Center for Housing Equity and Opportunity in Eastern Connecticut launches with inaugural gathering at Conn
The White House and the U.S. Department of Education is challenging colleges and universities across the country to join their efforts to end the COVID-19 pandemic, and Connecticut College is rising to that challenge.
Colleges participating in the COVID-19 College Vaccine Challenge commit to taking three key actions to help get their campus communities vaccinated: engaging every student, faculty, and staff member; organizing their college communities; and delivering vaccine access for all. The challenge builds on several federal efforts aimed at making it easier and more accessible for Americans across the country to get vaccinated.
“Everyone has a role to play in ending this pandemic, including your college or university,” The White House’s challenge reads. “As President Biden stated in looking ahead to July 4th: ‘In two months, let’s celebrate our independence as a nation, and our independence of this virus. We can do this. We will do this.’”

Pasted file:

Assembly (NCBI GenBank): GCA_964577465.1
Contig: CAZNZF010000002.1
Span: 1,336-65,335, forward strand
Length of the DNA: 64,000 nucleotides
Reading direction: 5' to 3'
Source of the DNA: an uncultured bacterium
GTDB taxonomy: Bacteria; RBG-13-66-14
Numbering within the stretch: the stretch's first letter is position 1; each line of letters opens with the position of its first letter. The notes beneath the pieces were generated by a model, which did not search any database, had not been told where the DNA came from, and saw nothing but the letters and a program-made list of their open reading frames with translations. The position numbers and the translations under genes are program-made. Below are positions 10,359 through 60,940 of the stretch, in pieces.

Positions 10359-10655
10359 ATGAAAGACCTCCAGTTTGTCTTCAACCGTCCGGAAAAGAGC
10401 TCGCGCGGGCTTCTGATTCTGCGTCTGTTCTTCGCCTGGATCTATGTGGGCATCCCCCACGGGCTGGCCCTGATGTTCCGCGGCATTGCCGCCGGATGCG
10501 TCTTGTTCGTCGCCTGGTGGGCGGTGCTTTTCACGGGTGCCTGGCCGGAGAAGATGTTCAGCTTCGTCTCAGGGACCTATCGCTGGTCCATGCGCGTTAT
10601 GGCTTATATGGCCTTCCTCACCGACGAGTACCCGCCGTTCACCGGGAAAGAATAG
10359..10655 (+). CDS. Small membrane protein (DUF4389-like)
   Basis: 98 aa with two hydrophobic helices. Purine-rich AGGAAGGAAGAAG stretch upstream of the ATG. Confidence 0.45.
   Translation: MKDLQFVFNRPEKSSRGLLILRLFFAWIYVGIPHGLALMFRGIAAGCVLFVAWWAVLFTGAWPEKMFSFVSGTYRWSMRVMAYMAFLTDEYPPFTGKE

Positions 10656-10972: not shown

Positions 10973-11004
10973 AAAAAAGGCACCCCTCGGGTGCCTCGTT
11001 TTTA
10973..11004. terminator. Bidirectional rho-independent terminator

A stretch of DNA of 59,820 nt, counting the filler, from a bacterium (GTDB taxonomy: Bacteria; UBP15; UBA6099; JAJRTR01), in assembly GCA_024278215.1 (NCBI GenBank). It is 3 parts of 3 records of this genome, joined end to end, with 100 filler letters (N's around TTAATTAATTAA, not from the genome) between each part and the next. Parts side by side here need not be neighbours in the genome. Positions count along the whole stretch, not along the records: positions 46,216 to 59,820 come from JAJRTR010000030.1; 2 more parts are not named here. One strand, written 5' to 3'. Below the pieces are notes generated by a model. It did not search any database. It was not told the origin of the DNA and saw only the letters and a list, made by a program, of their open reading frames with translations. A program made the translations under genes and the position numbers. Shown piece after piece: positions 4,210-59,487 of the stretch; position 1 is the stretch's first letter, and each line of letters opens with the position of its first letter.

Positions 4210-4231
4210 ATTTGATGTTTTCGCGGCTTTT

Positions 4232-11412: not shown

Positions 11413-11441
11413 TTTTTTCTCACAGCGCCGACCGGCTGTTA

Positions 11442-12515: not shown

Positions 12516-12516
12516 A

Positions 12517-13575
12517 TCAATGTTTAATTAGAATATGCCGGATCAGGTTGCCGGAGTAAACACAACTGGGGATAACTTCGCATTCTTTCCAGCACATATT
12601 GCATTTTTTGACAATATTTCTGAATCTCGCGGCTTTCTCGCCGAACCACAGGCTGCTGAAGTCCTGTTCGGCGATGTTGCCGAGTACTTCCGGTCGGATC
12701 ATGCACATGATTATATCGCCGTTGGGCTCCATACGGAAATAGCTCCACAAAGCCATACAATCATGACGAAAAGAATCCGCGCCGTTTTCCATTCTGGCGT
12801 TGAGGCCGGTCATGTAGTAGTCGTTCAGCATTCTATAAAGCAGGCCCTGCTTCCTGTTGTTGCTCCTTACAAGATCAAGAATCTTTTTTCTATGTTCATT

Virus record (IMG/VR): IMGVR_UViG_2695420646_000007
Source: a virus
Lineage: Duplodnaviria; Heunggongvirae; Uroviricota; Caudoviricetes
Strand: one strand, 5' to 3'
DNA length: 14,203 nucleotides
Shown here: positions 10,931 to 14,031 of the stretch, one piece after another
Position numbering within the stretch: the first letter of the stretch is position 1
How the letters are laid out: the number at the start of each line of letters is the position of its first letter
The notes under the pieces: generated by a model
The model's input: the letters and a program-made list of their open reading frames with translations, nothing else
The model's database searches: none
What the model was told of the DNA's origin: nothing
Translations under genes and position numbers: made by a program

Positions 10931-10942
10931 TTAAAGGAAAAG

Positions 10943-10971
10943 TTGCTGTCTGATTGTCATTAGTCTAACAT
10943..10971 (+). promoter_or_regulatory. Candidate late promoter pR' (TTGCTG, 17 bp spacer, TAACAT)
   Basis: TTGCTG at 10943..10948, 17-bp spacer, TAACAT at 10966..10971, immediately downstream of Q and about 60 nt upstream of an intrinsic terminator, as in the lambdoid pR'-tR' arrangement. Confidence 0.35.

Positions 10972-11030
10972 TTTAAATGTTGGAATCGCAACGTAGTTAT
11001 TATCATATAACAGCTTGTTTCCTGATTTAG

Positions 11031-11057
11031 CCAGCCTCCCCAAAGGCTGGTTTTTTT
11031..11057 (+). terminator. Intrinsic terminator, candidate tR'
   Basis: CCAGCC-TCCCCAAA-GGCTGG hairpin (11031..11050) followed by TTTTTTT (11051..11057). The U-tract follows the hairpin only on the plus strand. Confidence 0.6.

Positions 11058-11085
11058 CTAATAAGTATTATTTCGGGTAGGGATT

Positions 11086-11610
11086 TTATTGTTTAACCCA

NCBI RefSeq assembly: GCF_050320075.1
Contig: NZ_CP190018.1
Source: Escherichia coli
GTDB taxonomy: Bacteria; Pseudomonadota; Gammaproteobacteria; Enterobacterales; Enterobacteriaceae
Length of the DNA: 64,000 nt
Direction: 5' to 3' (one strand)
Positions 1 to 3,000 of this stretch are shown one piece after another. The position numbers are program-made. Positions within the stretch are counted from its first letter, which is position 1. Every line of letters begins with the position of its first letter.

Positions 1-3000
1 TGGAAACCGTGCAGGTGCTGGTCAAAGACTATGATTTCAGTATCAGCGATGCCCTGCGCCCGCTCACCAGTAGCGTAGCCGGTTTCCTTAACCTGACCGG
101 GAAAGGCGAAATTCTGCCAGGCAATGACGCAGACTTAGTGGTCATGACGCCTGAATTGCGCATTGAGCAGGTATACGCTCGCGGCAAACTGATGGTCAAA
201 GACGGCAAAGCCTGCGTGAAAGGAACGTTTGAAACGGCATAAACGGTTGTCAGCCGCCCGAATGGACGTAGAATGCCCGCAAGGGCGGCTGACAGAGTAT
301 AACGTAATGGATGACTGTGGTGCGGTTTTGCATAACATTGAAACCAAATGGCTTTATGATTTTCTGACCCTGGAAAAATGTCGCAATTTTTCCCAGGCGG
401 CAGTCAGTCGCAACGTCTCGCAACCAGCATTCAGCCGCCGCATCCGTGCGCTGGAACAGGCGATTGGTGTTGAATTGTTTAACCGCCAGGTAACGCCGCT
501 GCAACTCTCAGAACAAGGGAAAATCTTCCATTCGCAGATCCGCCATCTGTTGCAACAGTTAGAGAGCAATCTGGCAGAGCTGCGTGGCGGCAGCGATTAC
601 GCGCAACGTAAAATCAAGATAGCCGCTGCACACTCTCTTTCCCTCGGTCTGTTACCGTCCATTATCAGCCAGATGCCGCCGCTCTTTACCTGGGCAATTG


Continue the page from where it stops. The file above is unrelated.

Connecticut College is already undertaking all three steps outlined by the challenge, including communicating about the importance of vaccines and their availability to every student, faculty and staff member; partnering with Hartford HealthCare to offer faculty and access to closed vaccine clinics; and partnering with the Community Health Center of New London to host two vaccine clinics on campus. In addition, the College is collecting vaccine status information from faculty and staff and is requiring students to receive the vaccine before returning to campus this fall.
More than 430 people received both doses of the Pfizer/BioNTech COVID-19 vaccine during clinics held on campus in April and May.
“Having a vaccine clinic on campus is amazing and I, like many others, feel so grateful that Conn has provided this resource to us at such a convenient place,” said Brielle Blood ’24, who was vaccinated at the campus clinic.
On the day of the first campus clinic, Dean of Students Victor Arcelus noted that at the same time nearly 450 people were being vaccinated in one part of the athletic center, nearly 800 people were tested for COVID-19 in another as part of the College’s robust proactive testing program.
“Whether it's identifying people with COVID-19 or preventing people from contracting the virus, our focus has been on campus and community safety every step of the way," Arcelus said.